After 39 years of gathering, collating and disseminating the facts and figures relevant to the global insurance industry the world’s leaders and shakers are finally paying attention to the findings and recommendations of the Geneva Association.
“There’s now a growing demand for research,” said John H. Fitzpatrick, the Association’s Secretary General. He explained that the type of research it develops is of “growing importance” to the world’s financial community – notably the G20, the Federal Insurance Office (FIO) and global banking and insurance regulators.
“The Geneva Association is committed to making a positive contribution to the development of effective and appropriate systemic risk regulation for the insurance industry,” Fitzpatrick stated in a press bulletin.
At present it’s concentrating on comments and suggestions relating to the latest proposed regulations from the International Association of Insurance Supervisors (IAIS). Fitzpatrick stated that “while the original philosophy behind the methodology as expressed in the IAIS’s November 2011 paper is sound, our submission highlights the areas where the outcome of the current methodology can be adjusted and improved. The system needs to make the best possible use of regulatory capacity by focusing on activities that can create systemic risks and not using that capacity on areas that are not.”
That position is fundamental for the Geneva Association. “We need regulations,” Fitzpatrick said, “and above all group regulation,” but those regulations should be tailored to serve and oversee the sectors of the financial services industry to which they apply. “Insurance companies are not banks,” he continued, and therefore the regulations that apply to them should be specific rather than general.
He noted that politicians and the media have tended to lump “financial services” into a single category. As a result proposed rules for banks will also affect the insurance industry, which is “a completely different business.
“Insurance premiums are paid up front,” he continued. “The liability of an insurance company is to pay claims. Its funds are not otherwise ‘callable;'” i.e. creditors of an insurance company’s policyholders can’t make claims on their policies, unless a covered insurable event has occurred.
This is further backed up, particularly in the P&C sector, which is generally concerned with ‘short-tail’ liabilities, by reserve requirements. In the life sector the length of the policies dictates that life companies invest in assets with the least possible risk, such as government bonds and triple ‘A’ corporates.
Fitzpatrick described the current drive for more regulation as primarily the result of the economic crisis, which has created instability, and in many cases greatly reduced liquidity. In some cases insurers have fallen victim to this condition, notably AIG.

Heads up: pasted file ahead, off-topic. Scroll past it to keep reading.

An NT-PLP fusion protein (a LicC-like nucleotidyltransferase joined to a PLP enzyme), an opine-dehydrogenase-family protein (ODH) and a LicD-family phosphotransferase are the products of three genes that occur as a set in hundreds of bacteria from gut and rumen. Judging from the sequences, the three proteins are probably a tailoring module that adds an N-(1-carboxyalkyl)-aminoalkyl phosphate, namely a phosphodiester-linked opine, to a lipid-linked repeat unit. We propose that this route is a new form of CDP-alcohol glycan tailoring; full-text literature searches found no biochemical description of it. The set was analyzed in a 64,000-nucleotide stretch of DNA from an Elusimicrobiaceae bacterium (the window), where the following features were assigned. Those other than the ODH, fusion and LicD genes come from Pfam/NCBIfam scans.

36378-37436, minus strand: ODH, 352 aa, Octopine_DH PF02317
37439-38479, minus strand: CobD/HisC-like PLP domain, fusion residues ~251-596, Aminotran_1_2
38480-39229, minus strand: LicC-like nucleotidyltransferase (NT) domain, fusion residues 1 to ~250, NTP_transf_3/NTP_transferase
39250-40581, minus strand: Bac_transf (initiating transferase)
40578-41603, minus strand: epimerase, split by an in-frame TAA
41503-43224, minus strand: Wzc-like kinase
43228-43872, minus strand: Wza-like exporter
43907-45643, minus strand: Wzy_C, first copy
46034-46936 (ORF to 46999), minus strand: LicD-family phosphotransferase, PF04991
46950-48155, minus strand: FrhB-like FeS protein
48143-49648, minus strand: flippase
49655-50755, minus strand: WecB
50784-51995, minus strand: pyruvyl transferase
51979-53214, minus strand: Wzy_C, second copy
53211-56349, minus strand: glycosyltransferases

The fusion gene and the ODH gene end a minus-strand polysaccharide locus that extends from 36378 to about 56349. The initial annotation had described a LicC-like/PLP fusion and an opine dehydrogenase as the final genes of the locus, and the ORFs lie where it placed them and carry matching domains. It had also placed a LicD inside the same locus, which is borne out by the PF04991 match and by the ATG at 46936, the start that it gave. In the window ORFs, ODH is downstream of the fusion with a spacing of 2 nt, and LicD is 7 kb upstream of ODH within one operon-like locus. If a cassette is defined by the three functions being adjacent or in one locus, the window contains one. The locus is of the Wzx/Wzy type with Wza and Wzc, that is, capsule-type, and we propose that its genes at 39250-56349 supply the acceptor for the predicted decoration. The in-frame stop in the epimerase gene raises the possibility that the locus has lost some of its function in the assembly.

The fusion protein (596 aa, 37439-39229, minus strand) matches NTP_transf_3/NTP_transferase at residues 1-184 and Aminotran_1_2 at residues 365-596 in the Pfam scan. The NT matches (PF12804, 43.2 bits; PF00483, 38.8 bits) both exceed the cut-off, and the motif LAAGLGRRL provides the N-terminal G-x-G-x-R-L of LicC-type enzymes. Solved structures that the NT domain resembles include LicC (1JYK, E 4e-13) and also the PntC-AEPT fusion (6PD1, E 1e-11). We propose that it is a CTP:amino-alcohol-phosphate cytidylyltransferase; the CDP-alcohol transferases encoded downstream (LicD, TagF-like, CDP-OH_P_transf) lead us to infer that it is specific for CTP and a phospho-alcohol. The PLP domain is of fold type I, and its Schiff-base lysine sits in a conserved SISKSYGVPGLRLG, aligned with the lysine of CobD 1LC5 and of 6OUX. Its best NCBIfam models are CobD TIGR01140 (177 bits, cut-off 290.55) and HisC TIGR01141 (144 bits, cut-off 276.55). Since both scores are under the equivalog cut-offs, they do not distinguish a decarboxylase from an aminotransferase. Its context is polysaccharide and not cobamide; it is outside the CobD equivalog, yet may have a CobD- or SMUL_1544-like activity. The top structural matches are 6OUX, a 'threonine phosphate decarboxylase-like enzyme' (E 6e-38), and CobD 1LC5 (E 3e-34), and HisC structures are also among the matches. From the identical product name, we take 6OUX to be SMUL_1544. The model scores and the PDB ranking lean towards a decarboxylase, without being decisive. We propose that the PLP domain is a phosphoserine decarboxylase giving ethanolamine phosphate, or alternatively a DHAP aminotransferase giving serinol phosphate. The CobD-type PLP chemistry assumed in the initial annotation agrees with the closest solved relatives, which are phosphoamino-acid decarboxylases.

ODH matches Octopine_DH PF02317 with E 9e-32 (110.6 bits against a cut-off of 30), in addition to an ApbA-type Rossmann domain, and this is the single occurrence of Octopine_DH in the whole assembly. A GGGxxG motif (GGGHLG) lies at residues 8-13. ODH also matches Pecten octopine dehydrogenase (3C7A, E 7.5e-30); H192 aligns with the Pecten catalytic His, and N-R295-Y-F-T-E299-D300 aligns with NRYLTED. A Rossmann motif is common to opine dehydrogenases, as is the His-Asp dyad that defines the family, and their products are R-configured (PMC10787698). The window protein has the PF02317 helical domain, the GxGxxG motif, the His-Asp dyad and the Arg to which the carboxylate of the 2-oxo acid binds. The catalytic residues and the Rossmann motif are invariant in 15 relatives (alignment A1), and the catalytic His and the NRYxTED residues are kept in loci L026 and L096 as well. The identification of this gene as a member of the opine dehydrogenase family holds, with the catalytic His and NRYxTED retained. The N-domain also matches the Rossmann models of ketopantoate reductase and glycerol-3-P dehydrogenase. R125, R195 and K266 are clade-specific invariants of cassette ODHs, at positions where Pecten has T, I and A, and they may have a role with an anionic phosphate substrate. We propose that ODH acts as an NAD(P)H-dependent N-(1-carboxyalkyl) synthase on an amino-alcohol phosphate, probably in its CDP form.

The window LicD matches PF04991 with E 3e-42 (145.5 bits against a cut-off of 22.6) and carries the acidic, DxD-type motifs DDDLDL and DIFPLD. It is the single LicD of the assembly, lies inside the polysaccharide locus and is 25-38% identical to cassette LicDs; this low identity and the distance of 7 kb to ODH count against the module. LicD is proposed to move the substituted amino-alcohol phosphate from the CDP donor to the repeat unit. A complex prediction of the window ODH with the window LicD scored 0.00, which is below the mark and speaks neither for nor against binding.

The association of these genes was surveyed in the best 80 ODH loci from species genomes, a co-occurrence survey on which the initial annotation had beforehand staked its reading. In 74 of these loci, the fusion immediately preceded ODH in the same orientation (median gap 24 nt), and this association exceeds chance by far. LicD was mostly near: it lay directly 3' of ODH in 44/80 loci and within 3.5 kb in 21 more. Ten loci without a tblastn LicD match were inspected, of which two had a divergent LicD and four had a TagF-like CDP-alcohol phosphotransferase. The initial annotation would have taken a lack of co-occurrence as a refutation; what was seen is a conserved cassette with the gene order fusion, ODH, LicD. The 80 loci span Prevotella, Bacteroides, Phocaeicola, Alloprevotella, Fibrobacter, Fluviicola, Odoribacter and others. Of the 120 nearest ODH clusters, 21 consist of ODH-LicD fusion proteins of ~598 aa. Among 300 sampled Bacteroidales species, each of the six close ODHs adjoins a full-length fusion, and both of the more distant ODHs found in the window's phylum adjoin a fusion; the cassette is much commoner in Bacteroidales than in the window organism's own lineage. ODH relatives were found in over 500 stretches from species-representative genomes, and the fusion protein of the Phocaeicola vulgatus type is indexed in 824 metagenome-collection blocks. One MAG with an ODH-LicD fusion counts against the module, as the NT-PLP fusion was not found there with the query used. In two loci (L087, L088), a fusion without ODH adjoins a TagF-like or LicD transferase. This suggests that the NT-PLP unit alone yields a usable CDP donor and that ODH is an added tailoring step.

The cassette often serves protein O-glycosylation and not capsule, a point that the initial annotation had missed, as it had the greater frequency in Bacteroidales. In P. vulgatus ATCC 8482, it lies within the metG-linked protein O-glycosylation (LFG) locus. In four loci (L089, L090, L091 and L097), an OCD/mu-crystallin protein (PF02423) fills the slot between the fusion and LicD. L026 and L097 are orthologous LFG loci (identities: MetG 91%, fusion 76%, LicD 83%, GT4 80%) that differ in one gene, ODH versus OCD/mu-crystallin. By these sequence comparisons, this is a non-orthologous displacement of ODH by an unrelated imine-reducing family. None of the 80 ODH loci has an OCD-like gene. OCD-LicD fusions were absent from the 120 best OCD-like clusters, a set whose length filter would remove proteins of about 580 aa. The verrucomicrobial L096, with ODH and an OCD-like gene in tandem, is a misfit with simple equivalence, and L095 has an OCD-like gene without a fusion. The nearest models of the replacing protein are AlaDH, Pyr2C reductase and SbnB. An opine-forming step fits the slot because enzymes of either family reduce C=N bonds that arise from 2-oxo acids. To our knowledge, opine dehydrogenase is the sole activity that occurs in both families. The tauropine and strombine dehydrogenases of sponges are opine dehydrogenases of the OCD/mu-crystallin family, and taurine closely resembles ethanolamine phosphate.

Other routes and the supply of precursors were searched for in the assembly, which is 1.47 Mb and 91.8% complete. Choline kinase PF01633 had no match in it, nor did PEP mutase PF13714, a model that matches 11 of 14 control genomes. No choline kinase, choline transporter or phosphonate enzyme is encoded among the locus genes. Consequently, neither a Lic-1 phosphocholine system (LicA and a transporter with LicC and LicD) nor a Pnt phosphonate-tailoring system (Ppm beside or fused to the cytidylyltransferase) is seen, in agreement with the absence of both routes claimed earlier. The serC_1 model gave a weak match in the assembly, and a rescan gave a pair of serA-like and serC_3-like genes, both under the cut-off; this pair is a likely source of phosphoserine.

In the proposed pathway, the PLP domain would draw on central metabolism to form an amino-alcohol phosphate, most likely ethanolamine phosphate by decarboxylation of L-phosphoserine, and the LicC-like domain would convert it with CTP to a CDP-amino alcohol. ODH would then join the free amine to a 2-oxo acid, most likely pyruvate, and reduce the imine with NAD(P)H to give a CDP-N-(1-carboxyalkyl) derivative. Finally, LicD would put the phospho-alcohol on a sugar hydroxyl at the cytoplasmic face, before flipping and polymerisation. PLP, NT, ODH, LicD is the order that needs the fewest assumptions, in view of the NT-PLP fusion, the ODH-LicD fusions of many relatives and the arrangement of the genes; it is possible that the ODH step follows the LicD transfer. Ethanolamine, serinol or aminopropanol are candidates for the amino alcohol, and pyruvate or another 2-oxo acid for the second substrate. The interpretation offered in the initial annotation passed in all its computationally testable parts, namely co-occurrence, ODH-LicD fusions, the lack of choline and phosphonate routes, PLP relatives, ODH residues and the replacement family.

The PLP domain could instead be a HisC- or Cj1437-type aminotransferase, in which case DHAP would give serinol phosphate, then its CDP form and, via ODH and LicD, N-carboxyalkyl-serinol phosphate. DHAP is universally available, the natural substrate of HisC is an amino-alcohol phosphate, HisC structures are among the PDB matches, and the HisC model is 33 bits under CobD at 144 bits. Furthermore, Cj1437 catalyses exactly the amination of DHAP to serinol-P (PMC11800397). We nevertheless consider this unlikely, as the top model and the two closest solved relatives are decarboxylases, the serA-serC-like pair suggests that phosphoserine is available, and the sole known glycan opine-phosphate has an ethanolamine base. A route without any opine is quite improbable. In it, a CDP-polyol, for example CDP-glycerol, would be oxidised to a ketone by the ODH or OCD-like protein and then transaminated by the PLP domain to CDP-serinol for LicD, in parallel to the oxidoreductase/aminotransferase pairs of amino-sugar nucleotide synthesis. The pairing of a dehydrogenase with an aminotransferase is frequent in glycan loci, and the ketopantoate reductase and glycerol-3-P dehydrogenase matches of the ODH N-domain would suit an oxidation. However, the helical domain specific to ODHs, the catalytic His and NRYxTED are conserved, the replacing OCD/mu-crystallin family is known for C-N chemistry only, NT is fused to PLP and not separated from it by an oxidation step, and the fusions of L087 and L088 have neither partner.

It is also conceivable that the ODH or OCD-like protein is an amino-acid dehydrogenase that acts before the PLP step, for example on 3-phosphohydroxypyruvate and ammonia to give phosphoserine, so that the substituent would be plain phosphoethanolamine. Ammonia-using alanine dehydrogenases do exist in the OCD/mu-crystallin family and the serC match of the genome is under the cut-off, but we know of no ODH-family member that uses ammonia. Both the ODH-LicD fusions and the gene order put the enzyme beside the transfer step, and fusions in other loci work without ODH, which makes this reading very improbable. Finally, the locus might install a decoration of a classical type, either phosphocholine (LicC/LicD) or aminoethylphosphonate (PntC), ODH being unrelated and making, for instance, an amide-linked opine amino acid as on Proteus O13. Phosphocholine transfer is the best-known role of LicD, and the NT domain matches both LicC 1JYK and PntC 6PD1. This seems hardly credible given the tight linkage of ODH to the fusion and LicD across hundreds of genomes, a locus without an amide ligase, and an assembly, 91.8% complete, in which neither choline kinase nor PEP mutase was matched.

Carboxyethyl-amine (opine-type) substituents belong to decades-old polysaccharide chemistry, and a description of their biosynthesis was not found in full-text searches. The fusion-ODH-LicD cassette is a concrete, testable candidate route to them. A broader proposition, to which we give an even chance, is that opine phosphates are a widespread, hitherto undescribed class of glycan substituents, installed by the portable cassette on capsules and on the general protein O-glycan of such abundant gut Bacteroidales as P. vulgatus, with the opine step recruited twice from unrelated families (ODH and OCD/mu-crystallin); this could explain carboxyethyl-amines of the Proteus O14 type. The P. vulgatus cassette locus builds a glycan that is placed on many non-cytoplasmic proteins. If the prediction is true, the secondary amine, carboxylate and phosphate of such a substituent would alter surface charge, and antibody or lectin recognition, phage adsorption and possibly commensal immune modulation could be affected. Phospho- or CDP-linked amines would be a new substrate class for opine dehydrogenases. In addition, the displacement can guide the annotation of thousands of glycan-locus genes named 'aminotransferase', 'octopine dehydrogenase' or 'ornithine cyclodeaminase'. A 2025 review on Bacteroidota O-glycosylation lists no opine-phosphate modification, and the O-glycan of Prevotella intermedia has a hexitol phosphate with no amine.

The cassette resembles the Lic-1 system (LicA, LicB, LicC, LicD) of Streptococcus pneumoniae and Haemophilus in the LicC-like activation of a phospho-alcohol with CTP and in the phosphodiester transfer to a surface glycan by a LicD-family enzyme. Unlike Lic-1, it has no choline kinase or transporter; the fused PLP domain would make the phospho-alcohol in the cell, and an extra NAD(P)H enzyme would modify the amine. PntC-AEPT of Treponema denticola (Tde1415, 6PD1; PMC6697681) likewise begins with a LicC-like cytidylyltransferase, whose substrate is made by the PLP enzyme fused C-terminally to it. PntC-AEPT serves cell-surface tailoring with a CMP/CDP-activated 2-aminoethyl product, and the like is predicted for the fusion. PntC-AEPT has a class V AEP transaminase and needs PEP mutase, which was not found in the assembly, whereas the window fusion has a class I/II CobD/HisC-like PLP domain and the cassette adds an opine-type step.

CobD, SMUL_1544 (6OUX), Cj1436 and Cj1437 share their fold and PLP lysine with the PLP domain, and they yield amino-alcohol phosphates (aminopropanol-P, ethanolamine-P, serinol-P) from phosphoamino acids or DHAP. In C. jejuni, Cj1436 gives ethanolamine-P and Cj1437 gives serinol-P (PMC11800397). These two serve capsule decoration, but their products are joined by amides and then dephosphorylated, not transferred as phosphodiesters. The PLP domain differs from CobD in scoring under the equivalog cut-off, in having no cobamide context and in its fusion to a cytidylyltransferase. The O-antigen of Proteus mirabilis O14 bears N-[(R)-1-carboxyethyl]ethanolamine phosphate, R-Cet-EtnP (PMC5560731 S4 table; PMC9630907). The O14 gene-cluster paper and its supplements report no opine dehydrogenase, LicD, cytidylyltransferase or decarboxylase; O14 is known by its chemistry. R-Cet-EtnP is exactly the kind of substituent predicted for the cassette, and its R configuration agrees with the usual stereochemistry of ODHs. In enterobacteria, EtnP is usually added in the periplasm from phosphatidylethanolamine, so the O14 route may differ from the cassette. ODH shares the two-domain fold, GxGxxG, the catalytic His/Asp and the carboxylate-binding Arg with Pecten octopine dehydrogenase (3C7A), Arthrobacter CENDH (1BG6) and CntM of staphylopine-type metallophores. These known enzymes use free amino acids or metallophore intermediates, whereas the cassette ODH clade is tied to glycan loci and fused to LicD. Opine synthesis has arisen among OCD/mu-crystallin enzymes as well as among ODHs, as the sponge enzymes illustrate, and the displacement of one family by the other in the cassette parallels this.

But Fitzpatrick pointed out that there were no cases where a company’s insurance business was directly related to its primary activity – providing insurance coverage – resulted in the types of losses experience by the banks.
Those problems and the losses they produced arose from “non-insurance activities.” As insurance companies have become groups, they have in many cases branched out into areas well outside of their core businesses, such as banking, mortgages and credit issuance. Therefore, it’s not surprising that when these sectors were affected by the financial crisis, so were the companies that engaged in those kinds of businesses.
In Fitzpatrick’s opinion, if groups are going to engage in non-insurance activities, they will require closer supervision in those areas. “We need to understand the difference between hedging to protect assets and speculation,” he said. Where an activity is speculative, “it should require more capital and [stricter] risk management.” These are the areas where the Geneva Association sees potential systemic risk. It doesn’t see that type of risk just because a company or a group of companies happens to be large.
Regulators should “be looking at group supervision, including both insurance and non-insurance activities,” he said. It’s also important that those regulators should possess real knowledge of what they are regulating, which indicates that trying to fit all the regulations into a one size fits all mold doesn’t make sense and probably isn’t possible.
“Essentially insurance regulation should be done by insurance regulators, and banking regulation should be done by bank regulators,” said Fitzpatrick. The Geneva Association’s research and analysis has consistently supported that view.
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